I have heard several of his essays mentioned in this book elsewhere, and heard his major theses in this book, too. But it was good to finally read it. I enjoyed it. I do think his theories are kind of flawed and cherry-picked. On the other hand, he does bring up good points about being born at the right time, and other circumstances creates the environment for someone to succeed.

Aug 30, 2016

Great book filled with cocktail-party-ready stories and anecdotes about famous figures and why they became so successful. Spoiler: it's a combination of hard work (10,000hrs of deliberate practice, to be precise), social abilities, and luck.

Aug 06, 2016

Outliers: the Story of Success. --- by. --- Malcolm Gladwell.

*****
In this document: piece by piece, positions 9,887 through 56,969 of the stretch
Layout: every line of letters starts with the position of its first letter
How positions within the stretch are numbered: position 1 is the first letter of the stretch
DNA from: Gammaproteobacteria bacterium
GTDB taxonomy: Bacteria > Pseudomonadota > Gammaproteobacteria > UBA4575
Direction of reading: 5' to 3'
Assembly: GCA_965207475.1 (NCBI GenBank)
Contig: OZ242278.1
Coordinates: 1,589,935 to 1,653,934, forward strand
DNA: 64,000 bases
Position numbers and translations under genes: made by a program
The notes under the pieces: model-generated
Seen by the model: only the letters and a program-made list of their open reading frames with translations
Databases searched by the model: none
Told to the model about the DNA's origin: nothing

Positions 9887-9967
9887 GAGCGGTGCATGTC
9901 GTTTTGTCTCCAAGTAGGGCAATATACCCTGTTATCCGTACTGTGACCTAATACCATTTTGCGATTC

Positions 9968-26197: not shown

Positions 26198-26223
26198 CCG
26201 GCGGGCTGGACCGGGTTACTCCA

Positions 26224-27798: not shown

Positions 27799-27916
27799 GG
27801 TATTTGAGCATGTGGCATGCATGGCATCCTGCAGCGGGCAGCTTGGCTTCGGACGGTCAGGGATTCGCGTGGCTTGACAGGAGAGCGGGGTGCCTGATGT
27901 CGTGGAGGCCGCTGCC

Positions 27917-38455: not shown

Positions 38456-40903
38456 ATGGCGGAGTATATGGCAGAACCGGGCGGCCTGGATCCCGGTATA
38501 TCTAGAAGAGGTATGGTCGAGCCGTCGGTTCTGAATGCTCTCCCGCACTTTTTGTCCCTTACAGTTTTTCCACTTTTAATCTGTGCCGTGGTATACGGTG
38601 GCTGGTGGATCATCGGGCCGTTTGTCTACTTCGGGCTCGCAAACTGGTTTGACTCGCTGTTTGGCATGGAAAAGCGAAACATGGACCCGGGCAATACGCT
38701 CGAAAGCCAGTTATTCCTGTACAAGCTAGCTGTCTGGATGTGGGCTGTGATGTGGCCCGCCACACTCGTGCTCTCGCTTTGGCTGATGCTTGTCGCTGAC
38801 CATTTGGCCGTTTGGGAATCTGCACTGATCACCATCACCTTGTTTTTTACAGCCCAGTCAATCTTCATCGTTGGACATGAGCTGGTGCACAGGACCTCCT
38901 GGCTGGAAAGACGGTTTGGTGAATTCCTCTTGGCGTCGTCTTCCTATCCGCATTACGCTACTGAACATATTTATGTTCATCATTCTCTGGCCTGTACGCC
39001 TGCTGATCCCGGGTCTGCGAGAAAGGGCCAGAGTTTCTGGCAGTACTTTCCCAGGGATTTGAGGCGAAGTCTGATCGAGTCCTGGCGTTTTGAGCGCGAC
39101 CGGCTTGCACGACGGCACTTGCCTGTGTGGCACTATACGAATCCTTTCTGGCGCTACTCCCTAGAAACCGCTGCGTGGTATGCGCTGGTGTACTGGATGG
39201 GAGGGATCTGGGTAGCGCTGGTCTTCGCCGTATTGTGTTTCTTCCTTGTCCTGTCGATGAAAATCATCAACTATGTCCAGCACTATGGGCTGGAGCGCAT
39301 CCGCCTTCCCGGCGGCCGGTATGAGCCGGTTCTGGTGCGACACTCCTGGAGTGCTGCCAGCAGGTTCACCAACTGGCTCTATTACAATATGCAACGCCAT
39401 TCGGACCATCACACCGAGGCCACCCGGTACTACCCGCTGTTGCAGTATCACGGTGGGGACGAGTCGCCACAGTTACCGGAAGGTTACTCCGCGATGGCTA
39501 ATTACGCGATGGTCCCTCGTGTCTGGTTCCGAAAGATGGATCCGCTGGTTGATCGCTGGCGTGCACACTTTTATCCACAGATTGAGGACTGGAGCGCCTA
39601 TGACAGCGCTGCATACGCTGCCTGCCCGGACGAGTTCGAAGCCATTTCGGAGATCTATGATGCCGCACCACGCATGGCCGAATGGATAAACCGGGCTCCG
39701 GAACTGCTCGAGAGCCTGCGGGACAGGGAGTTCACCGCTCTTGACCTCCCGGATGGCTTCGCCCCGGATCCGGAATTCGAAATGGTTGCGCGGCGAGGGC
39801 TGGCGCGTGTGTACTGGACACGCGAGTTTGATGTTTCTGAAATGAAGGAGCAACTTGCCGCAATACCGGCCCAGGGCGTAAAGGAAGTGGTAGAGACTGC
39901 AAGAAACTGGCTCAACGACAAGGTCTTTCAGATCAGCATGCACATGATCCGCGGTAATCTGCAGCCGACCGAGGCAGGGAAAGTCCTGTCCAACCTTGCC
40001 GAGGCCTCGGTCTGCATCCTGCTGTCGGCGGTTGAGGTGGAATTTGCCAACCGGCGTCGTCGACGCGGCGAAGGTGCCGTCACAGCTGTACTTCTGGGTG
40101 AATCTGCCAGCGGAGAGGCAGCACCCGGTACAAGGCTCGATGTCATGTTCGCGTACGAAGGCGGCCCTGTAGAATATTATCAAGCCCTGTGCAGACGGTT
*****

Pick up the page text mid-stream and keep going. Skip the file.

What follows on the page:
What is success anyway? Is it a job that pays googles of money? Is it a job that is somehow satisfy? Is it a job the confers on you The ability to express yourself freely? Whatever it is it's almost certainly not the result of the efforts of the individual who achieves it. In fact it is Gladwell's contention that success comes as a result of the junture of any number of fortunate factors. Were you born in December or January? What is your IQ? In what year were you born? What is the nature of your demographic cohort ? All of these factors come into play, many more in fact, explain success or failure. Gladwell writes well, this goes without saying. The points he makes are always backed up anecdotally. The book isn't big but it does Pack a big whallop. There are a lot of people who should read this book: those who make decisions in education; airline executives; those in the legal profession and lots of others .given all the insights this book purveys, it is a book that should be read by many.